Maximising the Impact of Teaching Assistants


At last week’s launch of the UCL Centre for Inclusive Education, Rob Webster compared the size of the Teaching Assistant workforce in the UK to the population of Leicester with the clear comparison to the impact that this particular underdog had on last year’s Premier League*.


As an Associate Headteacher and inclusion leader, as part of the LLS and Whole School SEND team, and in my work as part of the ‘Maximising the Impact of Teaching Assistants’ (MITA) programme led by Rob, I know the value of TAs in improving outcomes and experiences for all learners. While often thought of and deployed in the context of learners with SEND, effective deployment of TAs supports a much wider group of children and young people.


Over the past year, Rob has led on the development for the ‘SEND Review: Teaching Assistant Deployment’ as part of the Department of Education supported Whole School SEND programme. The final document will be launched later in the month and will add to a growing suite of free review tools for schools.


I am delighted that this work has fed into a successful bid to the Education Endowment Foundation to test the impact of the MITA programme on pupil outcomes. Led by UCL's Centre for Inclusive Education, this funded project aims to develop the way that teaching assistants can improve students’ outcomes by working in a whole class setting. It will provide training, at different times, for all staff in the school:


  • Headteachers and one other senior leader from each school will attend 4 local training sessions, explaining the research about effective use of TAs, and introducing the framework for improving TA practice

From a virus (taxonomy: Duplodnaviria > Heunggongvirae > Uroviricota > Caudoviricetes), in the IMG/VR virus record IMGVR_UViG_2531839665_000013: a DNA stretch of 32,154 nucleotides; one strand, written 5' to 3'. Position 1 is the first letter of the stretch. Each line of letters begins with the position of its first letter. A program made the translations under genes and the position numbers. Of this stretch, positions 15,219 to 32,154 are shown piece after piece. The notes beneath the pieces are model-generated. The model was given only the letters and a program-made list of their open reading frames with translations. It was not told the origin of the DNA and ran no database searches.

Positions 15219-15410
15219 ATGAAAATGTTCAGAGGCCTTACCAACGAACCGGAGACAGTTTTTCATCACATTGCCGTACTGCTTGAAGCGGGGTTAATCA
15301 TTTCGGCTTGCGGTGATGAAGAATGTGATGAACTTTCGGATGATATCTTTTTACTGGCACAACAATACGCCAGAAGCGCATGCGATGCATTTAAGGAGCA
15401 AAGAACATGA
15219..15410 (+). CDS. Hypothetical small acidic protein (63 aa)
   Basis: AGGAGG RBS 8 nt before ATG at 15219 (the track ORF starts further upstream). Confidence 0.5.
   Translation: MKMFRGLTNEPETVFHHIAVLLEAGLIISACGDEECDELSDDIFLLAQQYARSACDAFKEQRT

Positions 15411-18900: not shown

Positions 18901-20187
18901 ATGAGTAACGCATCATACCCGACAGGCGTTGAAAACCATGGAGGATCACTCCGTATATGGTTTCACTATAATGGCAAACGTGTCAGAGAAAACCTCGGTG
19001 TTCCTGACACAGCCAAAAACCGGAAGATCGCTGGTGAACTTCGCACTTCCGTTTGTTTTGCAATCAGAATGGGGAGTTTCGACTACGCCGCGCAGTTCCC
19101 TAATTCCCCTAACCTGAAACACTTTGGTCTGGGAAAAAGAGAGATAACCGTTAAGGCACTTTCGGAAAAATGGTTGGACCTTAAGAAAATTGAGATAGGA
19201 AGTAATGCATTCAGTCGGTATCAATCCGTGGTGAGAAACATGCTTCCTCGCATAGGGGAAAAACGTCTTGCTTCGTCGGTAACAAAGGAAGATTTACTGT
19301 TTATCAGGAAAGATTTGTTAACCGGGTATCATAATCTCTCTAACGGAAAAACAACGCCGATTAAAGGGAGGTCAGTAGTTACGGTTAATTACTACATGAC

• Consultants will attend the school in between training sessions, to support school leaders with reviewing current practice, strategic planning and the implementation of key principles and recommendations
  • Training sessions for TAs on effective interactions with pupils and improving pupil independence, with gap tasks in-between
  • Training sessions for teachers on planning lessons and organising classrooms effectively to capitalise on the TA training


The programme will be delivered over 2017/2018, and all school staff in the intervention will receive training. The strategic school improvement input for headteachers and senior leaders will be delivered by UCL Institute of Education; the staff training will be led by the University of East London; and the in-school support and coaching will be provided by TA Reviewers from the London Leadership Strategy. 


London Leadership Strategy is looking to recruit 22 TA Reviewers to support this work, with the initial briefing and training on 23rd May 2017.


We are also at the last stages of recruiting schools to be part of this trial – if you are a primary school in one of our three target areas; London, Hampshire and West Midlands then please read more here.


The SEND Review: Teaching Assistant Deployment will be live on this website shortly and there will be opportunities for briefing and training over 2017/18 for those not involved in the EEF funded work.


Teaching assistants are an invaluable resource that, when well deployed, can have a significant impact on pupil outcomes and wellbeing.


Maria Constantinou
London Leadership Strategy Programme Lead
Associate Headteacher and Inclusion Leader, St. Mary’s Church of England Primary School, East Barnet
Specialist Leader of Education for SEND


*For those of you not football attuned Leicester were the 5000/1 underdogs who won the 2016 Premier League title.


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